Essential Equipment - Backgrounds
There are several different types of background you can use for your home studio. A plain painted wall will do, but really you want something that can create a smooth curved corner or “cove” between wall and floor, to give the illusion of an infinitely distant background. The most professional option is a purpose-built paper roll background system, which consists of two upright stands, a crossbar and a wide roll of coloured heavy-duty paper, which can be rolled down to provide a background and floor covering. They are very easy to use, and a wide range of different colours are available, but they can get expensive. The industry standard Lastolite background support system costs around £140, and an 11m x 2.72m roll of background paper costs around £50, and they are a consumable commodity. The trailing end covering the floor will get scuffed and dirty, so it will need to be cut off and discarded periodically. An 11m roll is usually only enough for half a dozen sessions.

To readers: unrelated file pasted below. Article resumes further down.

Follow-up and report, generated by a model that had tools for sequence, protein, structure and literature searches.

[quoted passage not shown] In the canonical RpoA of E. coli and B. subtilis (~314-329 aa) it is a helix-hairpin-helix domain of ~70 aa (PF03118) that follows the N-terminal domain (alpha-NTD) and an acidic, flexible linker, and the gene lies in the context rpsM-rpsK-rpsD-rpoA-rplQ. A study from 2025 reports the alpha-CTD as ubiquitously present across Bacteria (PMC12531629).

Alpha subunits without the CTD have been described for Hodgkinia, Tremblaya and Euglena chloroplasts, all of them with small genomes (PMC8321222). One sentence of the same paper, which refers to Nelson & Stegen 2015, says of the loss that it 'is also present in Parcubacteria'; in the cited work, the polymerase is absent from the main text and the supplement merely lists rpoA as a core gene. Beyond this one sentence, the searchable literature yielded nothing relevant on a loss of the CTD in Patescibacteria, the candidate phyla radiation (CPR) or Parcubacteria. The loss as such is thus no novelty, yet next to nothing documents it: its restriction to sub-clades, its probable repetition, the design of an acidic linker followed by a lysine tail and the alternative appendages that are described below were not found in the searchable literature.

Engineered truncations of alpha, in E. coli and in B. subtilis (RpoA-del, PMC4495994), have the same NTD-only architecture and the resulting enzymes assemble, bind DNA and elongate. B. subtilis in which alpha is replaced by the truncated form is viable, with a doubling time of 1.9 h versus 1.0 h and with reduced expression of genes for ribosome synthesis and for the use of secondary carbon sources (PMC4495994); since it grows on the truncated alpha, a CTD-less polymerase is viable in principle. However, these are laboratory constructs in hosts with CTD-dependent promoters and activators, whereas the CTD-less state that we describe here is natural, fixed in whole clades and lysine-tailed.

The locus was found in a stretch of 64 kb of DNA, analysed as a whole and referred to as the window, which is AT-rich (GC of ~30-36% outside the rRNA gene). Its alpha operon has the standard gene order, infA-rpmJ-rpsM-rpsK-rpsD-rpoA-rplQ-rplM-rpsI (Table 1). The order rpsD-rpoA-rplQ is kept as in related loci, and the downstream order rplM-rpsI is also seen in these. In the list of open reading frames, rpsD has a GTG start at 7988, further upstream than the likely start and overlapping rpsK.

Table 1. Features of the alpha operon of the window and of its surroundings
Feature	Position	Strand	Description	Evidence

A cheaper alternative is a fabric background. Your local fabric shop may have some good sized end-of-roll cutoffs available cheap, so go and ask. Ideally you want something at least 3m wide and about 4-5m long, so that you've got enough to cover the background and part of the floor. There are many purpose-built fabric backgrounds such as the self-supporting ones manufactured by Lastolite. They are harder wearing than paper, and can be washed if they get too dirty.
As for background colours, start off with two, one white and one black. The former is good for high-key portraits, while the latter is better for total light control and low-key portraits. Coloured backgrounds are tricky because you have to consider what your subject will be wearing, and the tone of the finished photo. If you want to use coloured backgrounds it's beast to stick to pale pastel colours, particularly a light sky blue which goes well with most things. Patterned backgrounds are also problematic, for the same reasons. The most popular patterns are either a grey marble effect or white-on-blue clouds, both of which are unobtrusive enough for most portraits.